Optimisation is arguably the biggest buzzword for 21st century marketing. Your store needs better branding and webpages take too long to load – nothing is optimised!
But does all that really matter? Yes!
In this article I will tell you why, and provide tips on common optimisation issues most online stores face today.
Homepage Optimisation Issues
1. Website speed (load times)
Your homepage is where it all begins, or ends if your website doesn’t load fast enough. Amazon found for each 1 second delay in page loading times, they could potentially lose $1.6 billion in sales each year (yes, you read that right!)
The longer a page takes to load, the more likely a consumer is to leave:
Source: Fast Company
Is your ecommerce store firing on all cylinders? Pingdom is a great tool to see how fast your website loads and identify its weaknesses.
2. No search bar
The Internet is full of ever demanding consumers who are short of time and patience. Not everyone wants to dig through several categories and 100 page lists to find what they are looking for – they want everything now.
Waterfilters.net increased their conversion rate 11% by simply adding a search bar to their site. You ideally want the search bar above the fold and somewhere it can’t be missed.
3. Lack of offers
Why do consumers shop online? Yes, convenience is a big factor, but price and special offers also matter. We’ve all heard someone tell us of a cracking offer they got online, but rather than focusing on what they bought, they’d rather tell us how much they saved.
Amazon’s homepage is scattered with their best offers, ensuring nobody leaves when they first make contact with their store:
4. Lack of branding
If you haven’t successfully branded your business, why should consumers pick you over more established brands? Consumers buy based on trust, when you see the BMW logo or hear the slogan “Just Do It” – an idea has already been branded in your mind of what to expect.
Branding is the process of shaping consumer perception, you need to be in the driving seat controlling their desire, not reacting to it.
Category Page Optimisation Issues
5. Social proof
Search Engine Land concluded 88% of consumers trust an online review just as much as a recommendation from a friend. Consumers can’t feel, touch or use your product online, many need a review or vote of confidence before they take out their credit card.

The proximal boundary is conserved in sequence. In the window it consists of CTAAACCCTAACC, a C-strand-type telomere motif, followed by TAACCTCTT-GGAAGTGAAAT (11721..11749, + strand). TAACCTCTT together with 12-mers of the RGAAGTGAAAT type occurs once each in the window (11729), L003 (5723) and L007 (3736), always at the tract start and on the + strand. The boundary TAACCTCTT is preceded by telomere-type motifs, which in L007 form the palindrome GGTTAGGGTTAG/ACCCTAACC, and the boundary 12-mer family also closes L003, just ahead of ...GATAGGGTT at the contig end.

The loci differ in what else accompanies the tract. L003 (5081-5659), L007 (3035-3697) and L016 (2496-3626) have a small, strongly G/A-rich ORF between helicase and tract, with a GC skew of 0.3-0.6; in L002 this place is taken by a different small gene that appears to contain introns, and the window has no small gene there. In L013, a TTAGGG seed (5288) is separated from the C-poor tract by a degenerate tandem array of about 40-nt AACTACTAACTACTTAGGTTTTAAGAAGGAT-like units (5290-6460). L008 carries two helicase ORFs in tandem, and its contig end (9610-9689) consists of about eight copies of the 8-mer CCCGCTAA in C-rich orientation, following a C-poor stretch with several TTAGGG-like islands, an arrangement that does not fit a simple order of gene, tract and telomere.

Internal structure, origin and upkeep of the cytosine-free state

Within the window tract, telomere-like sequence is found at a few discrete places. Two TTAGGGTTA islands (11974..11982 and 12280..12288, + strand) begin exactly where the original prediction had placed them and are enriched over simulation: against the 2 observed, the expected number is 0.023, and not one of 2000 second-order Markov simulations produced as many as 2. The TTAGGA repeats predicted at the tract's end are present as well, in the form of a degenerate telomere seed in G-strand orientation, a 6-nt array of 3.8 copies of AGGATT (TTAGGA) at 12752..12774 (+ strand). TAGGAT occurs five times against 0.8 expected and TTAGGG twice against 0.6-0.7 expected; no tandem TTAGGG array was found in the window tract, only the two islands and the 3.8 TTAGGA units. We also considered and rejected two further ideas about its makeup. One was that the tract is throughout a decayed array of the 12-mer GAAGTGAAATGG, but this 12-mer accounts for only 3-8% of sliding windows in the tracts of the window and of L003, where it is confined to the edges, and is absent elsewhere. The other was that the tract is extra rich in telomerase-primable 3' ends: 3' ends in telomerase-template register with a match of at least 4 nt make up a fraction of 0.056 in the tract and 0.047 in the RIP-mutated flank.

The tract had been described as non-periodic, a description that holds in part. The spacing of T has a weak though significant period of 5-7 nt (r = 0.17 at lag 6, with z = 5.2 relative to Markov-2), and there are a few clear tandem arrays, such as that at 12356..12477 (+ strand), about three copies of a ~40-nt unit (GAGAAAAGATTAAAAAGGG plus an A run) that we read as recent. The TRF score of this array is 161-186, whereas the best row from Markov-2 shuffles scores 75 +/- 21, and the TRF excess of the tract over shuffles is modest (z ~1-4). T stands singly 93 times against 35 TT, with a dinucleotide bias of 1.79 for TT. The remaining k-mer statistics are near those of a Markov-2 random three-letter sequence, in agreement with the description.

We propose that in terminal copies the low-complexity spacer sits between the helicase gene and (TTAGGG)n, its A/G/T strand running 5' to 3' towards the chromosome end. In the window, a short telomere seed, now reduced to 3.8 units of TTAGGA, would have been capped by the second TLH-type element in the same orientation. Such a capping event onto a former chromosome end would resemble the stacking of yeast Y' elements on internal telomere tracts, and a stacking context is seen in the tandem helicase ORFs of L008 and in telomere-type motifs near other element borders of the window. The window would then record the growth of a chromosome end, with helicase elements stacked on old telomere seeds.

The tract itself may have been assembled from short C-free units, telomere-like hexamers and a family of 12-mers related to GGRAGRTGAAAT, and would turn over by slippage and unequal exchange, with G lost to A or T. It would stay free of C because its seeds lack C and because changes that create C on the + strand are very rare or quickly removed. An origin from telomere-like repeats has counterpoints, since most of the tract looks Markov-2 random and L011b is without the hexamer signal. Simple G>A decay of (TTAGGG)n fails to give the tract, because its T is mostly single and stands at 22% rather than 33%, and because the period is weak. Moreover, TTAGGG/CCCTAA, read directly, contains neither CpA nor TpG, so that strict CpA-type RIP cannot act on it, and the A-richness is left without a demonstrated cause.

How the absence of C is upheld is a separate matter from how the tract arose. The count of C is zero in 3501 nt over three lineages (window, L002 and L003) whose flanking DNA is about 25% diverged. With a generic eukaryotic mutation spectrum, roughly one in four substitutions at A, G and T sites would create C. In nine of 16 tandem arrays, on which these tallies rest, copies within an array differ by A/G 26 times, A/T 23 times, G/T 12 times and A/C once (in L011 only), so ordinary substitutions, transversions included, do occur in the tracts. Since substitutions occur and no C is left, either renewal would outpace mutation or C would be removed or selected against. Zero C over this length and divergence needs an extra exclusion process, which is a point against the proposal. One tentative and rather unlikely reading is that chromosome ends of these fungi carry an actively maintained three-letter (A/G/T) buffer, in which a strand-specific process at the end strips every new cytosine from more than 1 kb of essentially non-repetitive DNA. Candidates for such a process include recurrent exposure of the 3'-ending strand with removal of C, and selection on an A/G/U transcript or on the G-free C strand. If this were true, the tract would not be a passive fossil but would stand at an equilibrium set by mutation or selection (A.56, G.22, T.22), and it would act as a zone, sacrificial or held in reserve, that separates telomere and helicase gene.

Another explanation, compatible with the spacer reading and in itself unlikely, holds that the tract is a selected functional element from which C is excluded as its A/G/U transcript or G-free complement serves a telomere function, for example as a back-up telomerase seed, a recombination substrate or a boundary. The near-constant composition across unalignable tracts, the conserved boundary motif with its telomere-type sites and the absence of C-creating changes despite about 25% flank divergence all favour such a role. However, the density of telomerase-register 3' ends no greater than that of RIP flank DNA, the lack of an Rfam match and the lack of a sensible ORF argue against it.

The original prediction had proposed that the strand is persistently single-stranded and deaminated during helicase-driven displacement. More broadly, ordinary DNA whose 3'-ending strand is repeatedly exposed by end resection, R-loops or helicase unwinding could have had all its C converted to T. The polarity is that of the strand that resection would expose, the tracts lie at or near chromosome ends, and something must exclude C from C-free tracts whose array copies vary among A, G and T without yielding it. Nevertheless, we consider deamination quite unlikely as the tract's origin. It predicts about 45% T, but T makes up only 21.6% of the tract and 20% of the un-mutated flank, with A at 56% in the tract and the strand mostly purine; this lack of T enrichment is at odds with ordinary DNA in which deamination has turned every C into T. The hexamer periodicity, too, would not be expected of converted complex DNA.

Amazon is the perfect example of this, every product is open for reviews:
6. No live chat
As mentioned earlier, consumers are busy people, they don’t want to waste time in a phone queue for 20 minutes, or go through the drudgery of back and forth emails.
Software Advice revealed 60% of millennials preferred live chat over most traditional mediums.
As the years roll on, more of your customers will demand live chat. Take a page out of Sprint’s book and offer a small live chat support tab in the footer:
7. Limited sidebar filter options
For bigger ecommerce stores with thousands of products, having a limited number of sidebar filter options is a bit like shooting yourself in the foot. The fear of scrolling through pages of products is enough to make consumers leave and go elsewhere.
Laptops Direct provide over 31 filters to find the perfect laptop:
While I’m not suggest you need so many, look at your current sidebar and ask yourself it it’s really giving the best customer experience possible.
Product Page Optimisation Issues
8. Missing delivery costs
Did you know 56% of consumers abandon their cart because they are presented with unexpected costs at checkout?
The most common unexpected cost is delivery. If you ignore the data above and go against this optimisation tip, at least make it clear on every page that delivery is only free when consumers spend over a certain amount.
That’s exactly what Waterstones do. This way the consumer is not shocked when they checkout and see an extra cost for delivery:
9. Lack of up/cross-selling
Never underestimate the power of up-selling/cross-selling. When consumers buy a laptop, they may be in the market for additional software, laptop covers and peripherals. Provide them the option to buy further goods to enhance their overall experience.
Currys have their own upsells for laptop products when you land on a product page:
Checkout Optimisation Issues
10. No guest/express checkout
People hate forms. Whether they are at the doctors, filling in their P45 or signing up to a store online, the less entry fields – the better. Express checkouts reduce cart abandonment, make buying easier, saves times and offers the consumer greater privacy.
11. Limited number of payment offers
While purchasing online is very safe with online card fraud falling to its lowest level in 2011, not everyone likes to pay by card. There’s a lot of data to input and it isn’t as practical as something like PayPal or Neteller.
Hill Media Group ran a small test and found 72% of consumer would rather use PayPal than a credit card at checkout. This is not me saying you must have PayPal, but the more payment methods you provide, the greater chance of conversion.
12. Distractions at checkout
Once the prospect makes it to the checkout, your only objective is to take them to the finish line. Don’t make the mistake of showing more products or provide clickable links that will direct them anywhere else.
Once you reach the checkout stage of WHSmiths, they have removed all links for you to leave the checkout process via their page:
There’s a very good reason why optimisation is online marketing’s biggest keyword. Because up until now, we didn’t have amazing software tools that can track every customer, heatmaps to show us where customers click or conversion tools that measure sales funnels.
An ecommerce sales funnel has hundreds of complex and unique parts – is yours in fully working order?
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